I took the train last weekend to Charlotte with Kath and our kids, Will and Elizabeth, and you know, I discovered an uptown I didn’t know existed.
Who knew? I didn’t.
I spotted Fred Chappell’s “First Novel” poem painted on the side of a building and a beer philosophy on a placard parked beside a curb. I also discovered a wooden angel on an antique dresser and a crew of musicians on canvas that made me laugh.
Then, there was that life philosophy on a bumper sticker outside an antique store.
But moreover, I found some faith in our future.
And I found it in a museum.
I spent more than two hours inside the Levine Museum of the New South, and I could have spent many hours more.
It gave me much-needed perspective, and it helped me realize once again that we as a nation can bounce back from any kind of trauma inflicted on us by bad leadership, racism, sexism, mill-village paternalism or any the kind of ism.
I saw it through so many pictures in the museum’s exhibit, “Cotton Fields to Skyscrapers.”
Like this one.
And this one.
And this one.
And this exclamation mark.
Then, I pass a quote from Frederick Douglass etched on a nearby wall, and I’m reminded how history repeats itself. Times come tough, a struggle continues and a collective diligence can never cease in the face of bigotry and authoritarianism.
If there is no struggle, there is no progress.
Those who profess to favor freedom and yet deprecate agitation are men (and women) who want crops without plowing up the ground.
They want the ocean without the awful roar of its many waters … Power concedes nothing without a demand, it never did and it never will.”
Douglass said that in 1857.
Some things never change.
But we know some things will.
And it’s more than my daughter turning 16 and driving by herself this year.
I check my Twitter or my news feed on Facebook, and I wince. When I do, I’m reminded of a phrase I heard growing up in South Carolina’s Lowcountry, and I always heard it spoken through clenched teeth.
“I’m mad enough to spit.”
Then, on some mornings in our house, I’ll find Kath in bed bathed in the light of her iPhone, rolling through news alert after news alert. When I first asked her why, she deadpanned, “I want to make sure we’re still alive.”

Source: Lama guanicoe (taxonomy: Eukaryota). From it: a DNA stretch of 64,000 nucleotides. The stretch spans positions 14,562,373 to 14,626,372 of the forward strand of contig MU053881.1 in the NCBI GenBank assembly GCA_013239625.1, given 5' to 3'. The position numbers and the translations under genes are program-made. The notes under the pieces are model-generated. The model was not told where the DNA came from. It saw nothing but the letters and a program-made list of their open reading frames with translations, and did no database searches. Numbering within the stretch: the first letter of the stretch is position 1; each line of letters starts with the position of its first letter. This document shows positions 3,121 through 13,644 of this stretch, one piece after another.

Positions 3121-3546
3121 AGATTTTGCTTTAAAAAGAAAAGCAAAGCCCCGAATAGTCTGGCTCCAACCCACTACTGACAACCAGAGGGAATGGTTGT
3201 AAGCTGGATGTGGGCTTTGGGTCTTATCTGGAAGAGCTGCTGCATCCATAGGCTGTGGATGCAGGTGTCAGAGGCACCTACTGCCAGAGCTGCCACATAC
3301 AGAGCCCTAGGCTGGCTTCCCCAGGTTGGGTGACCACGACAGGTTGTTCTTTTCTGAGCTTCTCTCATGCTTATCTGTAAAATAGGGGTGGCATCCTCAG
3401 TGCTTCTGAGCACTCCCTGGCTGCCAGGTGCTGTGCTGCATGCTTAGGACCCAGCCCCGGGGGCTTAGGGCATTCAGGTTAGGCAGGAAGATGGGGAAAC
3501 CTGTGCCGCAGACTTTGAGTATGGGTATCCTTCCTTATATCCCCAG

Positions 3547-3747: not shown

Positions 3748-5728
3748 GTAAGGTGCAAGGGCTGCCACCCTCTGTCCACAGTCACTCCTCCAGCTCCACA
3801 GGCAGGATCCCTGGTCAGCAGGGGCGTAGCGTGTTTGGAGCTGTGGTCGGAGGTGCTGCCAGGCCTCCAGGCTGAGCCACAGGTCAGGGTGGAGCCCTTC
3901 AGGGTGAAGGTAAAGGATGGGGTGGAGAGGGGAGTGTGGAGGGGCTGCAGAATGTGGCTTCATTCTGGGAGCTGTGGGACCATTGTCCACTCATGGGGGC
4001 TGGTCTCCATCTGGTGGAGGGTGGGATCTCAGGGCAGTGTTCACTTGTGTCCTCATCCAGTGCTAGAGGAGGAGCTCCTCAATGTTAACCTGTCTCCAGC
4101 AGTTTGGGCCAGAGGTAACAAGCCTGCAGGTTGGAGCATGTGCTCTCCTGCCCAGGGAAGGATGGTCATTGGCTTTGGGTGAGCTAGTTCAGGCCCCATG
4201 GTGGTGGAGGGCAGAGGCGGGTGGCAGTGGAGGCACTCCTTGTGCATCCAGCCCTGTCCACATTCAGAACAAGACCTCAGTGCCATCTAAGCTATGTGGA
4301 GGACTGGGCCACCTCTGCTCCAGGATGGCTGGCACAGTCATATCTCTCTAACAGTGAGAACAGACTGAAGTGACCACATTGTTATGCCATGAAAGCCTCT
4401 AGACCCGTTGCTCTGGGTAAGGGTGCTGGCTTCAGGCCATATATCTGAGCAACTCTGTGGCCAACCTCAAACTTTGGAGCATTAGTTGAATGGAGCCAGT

Like Frederick Douglass, we hold on. But like writers Neil Gaiman and Austin Kleon, we need to dream and gaze at the moon.
And I’ll add another point: We need to dance.
More on that later. But when I think about all that, I look to the days ahead and appreciate what is to come.
First, Neil Gaiman.
In a New Year’s wish from nearly 20 years ago, he wrote:
May your coming year be filled with magic and dreams and good madness. I hope you read some fine books and kiss someone who thinks you’re wonderful, and don’t forget to make some art — write or draw or build or sing or live as only you can. And I hope, somewhere in the next year, you surprise yourself.
Surprise yourself. That could work any year.
Next is Austin Kleon. He wrote “Steal Like An Artist.” Like many of us, he loves lists. His New Year’s list is below.
Love his points. And love his idea of looking at the moon. He says it gives him perspective on life around him and helps him appreciate the space in his days.
Of course, we all could add some new ones to that list. I have a few of my own for 2018.
- Embrace family.
- Nurture friendships.
- Drink good beer.
- Support local journalism.
- Build sandcastles.
- Smell a West Ashley marsh.
- Listen to Jerry.
- And dance.
Kath and I did that on New Years’ Eve. We danced.
In the middle of a friend’s empty living room, underneath a swinging suspended light, we danced old-school and new school well past midnight and into the first small hours of the new year.
We danced to Neil Diamond and Prince. We danced to Michael Jackson, The Commodores, and Abba. I even started a conversation with my friend Evan who truly believes Abba is vital to the 20th century canon of music.
And yes, that conversation will continue soon – over good beer on a Friday afternoon on The Corner at Sticks & Stones.
When it does, I’ll think about something else I found in Charlotte.
Like Fred Chappell’s poem, I found it a wall. A quote.
It was at the Levine Museum, and it came from political activist Paul Rogat Loeb, author of “Soul of a Citizen: Living With Conviction in Challenging Times.”
We become human in the company of other human beings.
Yeah, that’s something to strive for in 2018.